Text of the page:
” The issue at hand is about Peoples Liberation Army integration [into the government army]. The peace process and constitution drafting should move ahead simultaneously. So many people sacrificed their lives for the sake of a “People’s Constitution”, but attention has not been paid in that regard.
“We have suspicions that we may be betrayed.”
The following interview with Mohan Baidya (nom de guerre is Kiran) reveals that the struggle within Nepal’s Maoist party focuses increasingly on the fate of the Peoples Liberation Army.
There is a well-known saying from Mao Zedong’s red book that has been important to Maoism-since-Mao:
“Without a peoples army, the people have nothing.”
This question now stands center stage — in Nepali politics, in the struggle among the Maoists, and in the strategic decisions being taken for the Nepali revolution. The following is from myrepublica.com.
* * * * * * * * *
by KIRAN PUN
Maoist Senior Vice-chairman Mohan Baidya, who leads the hardline camp in the UCPN (Maoist), has registered a note of dissent against the party’s decision to accept Nepal Army’s modality for PLA integration.
Earlier, he had registered his dissent when Chairman Dahal adopted the line of peace and constitution overturning the mandate of the Palungtar plenum. Read the rest of this entry »
Posted in Nepal Background, Nepal News | Tagged: Maoist, Mohan Baidya, Nepal, UCPN(M) | 9 Comments »
Posted by redpines on May 17, 2011
This short article is remarkable for what it says about the resilience of India’s Maoists and tribal communities, who are often one and the same.
For a decade, a Maoist-controlled area in Jharkand, not far from some of India’s industrial strongholds, has been off limits to the state and captalist mining interests. The Maoists’ continued defense of these territories has likely prevented these interests from displacing tribal communities and destroying of their land. One police officer noted:
“If we have knowledge of mineral reserves, many private and public sector undertakings would be interested in taking up mining projects.”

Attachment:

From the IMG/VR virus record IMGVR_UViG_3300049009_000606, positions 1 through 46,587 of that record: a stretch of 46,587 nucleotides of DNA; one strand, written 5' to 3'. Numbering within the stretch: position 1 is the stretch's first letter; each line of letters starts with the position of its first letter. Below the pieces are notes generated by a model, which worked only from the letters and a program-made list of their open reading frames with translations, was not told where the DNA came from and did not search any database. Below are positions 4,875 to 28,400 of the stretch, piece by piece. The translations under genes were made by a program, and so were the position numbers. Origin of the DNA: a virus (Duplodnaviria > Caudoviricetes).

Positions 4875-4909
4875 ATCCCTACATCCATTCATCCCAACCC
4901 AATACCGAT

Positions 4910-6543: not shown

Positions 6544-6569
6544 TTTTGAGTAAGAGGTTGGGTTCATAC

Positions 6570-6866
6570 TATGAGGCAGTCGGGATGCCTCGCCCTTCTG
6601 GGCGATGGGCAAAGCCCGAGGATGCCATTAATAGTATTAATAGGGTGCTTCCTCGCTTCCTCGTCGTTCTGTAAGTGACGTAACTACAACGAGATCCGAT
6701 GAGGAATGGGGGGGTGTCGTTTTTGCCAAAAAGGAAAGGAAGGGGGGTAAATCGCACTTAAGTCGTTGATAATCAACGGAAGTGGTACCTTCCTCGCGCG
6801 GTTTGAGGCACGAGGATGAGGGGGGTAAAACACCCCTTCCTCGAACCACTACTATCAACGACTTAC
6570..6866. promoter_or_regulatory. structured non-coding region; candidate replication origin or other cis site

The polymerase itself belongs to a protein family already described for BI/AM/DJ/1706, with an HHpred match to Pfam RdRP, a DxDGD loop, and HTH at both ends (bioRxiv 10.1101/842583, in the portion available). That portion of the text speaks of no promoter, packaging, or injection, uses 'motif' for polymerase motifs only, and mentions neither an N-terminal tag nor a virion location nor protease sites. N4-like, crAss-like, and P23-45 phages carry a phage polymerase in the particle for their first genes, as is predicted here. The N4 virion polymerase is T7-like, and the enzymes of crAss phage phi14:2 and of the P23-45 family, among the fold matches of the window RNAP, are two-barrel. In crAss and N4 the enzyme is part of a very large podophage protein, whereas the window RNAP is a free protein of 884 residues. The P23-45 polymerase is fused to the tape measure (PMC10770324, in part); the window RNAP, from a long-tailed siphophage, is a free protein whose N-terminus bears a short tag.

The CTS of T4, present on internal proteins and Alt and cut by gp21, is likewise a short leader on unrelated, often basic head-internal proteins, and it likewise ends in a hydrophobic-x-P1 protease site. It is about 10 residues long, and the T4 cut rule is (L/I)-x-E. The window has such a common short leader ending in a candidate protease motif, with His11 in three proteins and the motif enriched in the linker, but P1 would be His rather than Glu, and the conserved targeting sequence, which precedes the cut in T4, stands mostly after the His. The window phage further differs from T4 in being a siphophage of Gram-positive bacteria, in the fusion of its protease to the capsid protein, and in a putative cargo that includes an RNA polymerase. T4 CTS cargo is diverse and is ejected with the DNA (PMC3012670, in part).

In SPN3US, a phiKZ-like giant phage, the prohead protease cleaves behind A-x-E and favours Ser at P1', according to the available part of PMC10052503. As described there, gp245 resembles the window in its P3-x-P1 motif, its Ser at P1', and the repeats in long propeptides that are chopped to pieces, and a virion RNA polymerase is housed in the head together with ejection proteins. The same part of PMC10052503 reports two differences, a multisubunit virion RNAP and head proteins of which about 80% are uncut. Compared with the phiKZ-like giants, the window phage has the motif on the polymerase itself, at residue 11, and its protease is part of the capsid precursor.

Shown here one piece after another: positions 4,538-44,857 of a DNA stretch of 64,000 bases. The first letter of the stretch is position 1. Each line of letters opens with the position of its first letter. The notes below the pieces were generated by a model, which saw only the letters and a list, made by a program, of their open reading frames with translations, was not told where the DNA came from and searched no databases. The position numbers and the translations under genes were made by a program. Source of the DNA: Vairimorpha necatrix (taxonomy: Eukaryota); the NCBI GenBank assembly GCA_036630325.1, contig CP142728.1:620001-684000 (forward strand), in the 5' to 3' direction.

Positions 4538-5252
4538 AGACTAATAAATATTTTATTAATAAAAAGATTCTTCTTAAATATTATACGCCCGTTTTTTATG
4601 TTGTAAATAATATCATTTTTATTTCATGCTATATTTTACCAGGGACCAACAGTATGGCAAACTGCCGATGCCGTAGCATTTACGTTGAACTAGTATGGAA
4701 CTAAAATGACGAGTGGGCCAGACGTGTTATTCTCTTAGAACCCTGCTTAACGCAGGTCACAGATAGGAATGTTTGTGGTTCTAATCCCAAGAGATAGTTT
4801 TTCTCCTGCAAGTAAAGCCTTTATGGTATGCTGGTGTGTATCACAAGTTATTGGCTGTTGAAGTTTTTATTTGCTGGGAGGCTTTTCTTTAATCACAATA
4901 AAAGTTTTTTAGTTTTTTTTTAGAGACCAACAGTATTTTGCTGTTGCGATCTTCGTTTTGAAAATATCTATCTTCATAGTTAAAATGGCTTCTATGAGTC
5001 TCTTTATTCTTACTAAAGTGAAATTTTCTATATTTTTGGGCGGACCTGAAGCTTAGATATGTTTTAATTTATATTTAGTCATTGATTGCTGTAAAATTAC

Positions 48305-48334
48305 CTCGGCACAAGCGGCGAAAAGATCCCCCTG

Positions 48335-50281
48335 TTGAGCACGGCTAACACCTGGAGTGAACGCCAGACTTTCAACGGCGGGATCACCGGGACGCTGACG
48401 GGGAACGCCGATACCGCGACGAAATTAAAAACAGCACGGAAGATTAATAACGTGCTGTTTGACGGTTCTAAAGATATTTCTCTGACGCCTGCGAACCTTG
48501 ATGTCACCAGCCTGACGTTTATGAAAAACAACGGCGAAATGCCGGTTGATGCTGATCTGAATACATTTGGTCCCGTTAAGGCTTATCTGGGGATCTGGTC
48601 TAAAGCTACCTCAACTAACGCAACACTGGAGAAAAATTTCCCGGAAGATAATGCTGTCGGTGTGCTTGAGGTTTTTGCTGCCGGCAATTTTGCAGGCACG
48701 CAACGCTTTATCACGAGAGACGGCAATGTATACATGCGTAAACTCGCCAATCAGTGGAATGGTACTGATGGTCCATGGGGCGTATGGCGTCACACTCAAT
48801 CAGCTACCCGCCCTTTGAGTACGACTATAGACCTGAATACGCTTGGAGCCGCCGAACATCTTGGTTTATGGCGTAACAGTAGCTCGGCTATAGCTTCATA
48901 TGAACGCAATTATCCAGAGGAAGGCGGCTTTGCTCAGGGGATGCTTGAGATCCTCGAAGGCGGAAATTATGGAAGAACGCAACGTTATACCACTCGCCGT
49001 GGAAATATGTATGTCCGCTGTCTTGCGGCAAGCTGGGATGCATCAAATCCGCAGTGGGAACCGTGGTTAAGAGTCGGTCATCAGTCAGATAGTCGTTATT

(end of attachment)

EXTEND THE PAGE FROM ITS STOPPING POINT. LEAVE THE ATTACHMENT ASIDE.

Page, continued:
The article originally appeared in The Times of India.
* * * * * *
Govt helpless as Maoists stall state mineral reserve survey
by Sanjay Ojha
May 17, 2011, 12.45pm
RANCHI: Survey on the state’s rich mineral reserves has been stalled because of Maoist-induced resistance by villagers. Though the state possesses rich reserves of iron ore, coal, mica, bauxite and uranium, the government is in no position to give details of the sources even 10 years after formation of the state of Jharkhand.
Sources in state mining and geology department allege serveral attempts in the past to assess the rich resources, enough to meet raw material requirement of industries for decades to come, have failed due to non-cooperation from villagers. “Whenever officials tried to assess the reserves, villagers opposed it. Our officers were not allowed to drill the crust in remote villages and deep forests,” said a source.
Read the rest of this entry »
Posted in India News, Indian Maoism | Tagged: CPI(Maoist), Development, Jharkand, Mining | 1 Comment »
Posted by redpines on May 16, 2011
“How is it that the illiterate, seemingly uncivilised, backward, half-naked adivasi thinks, analyses and acts a lot better than an established, well-read, highly qualified intellectual like Verghese?…
“Verghese is a typical example of the self-proclaimed civilisers of modern-day India, akin to the white ‘civilisers’ of yesteryear, who would have been the pride of a Rudyard Kipling.
“He reveals this colonial mindset by vehemently arguing in favour of the civilising mission of the corporate sharks and the Indian State to transform the poor, backward adivasis from savages into civilised people through a ‘development’ that destroys people’s economy, social life, culture and all human values.”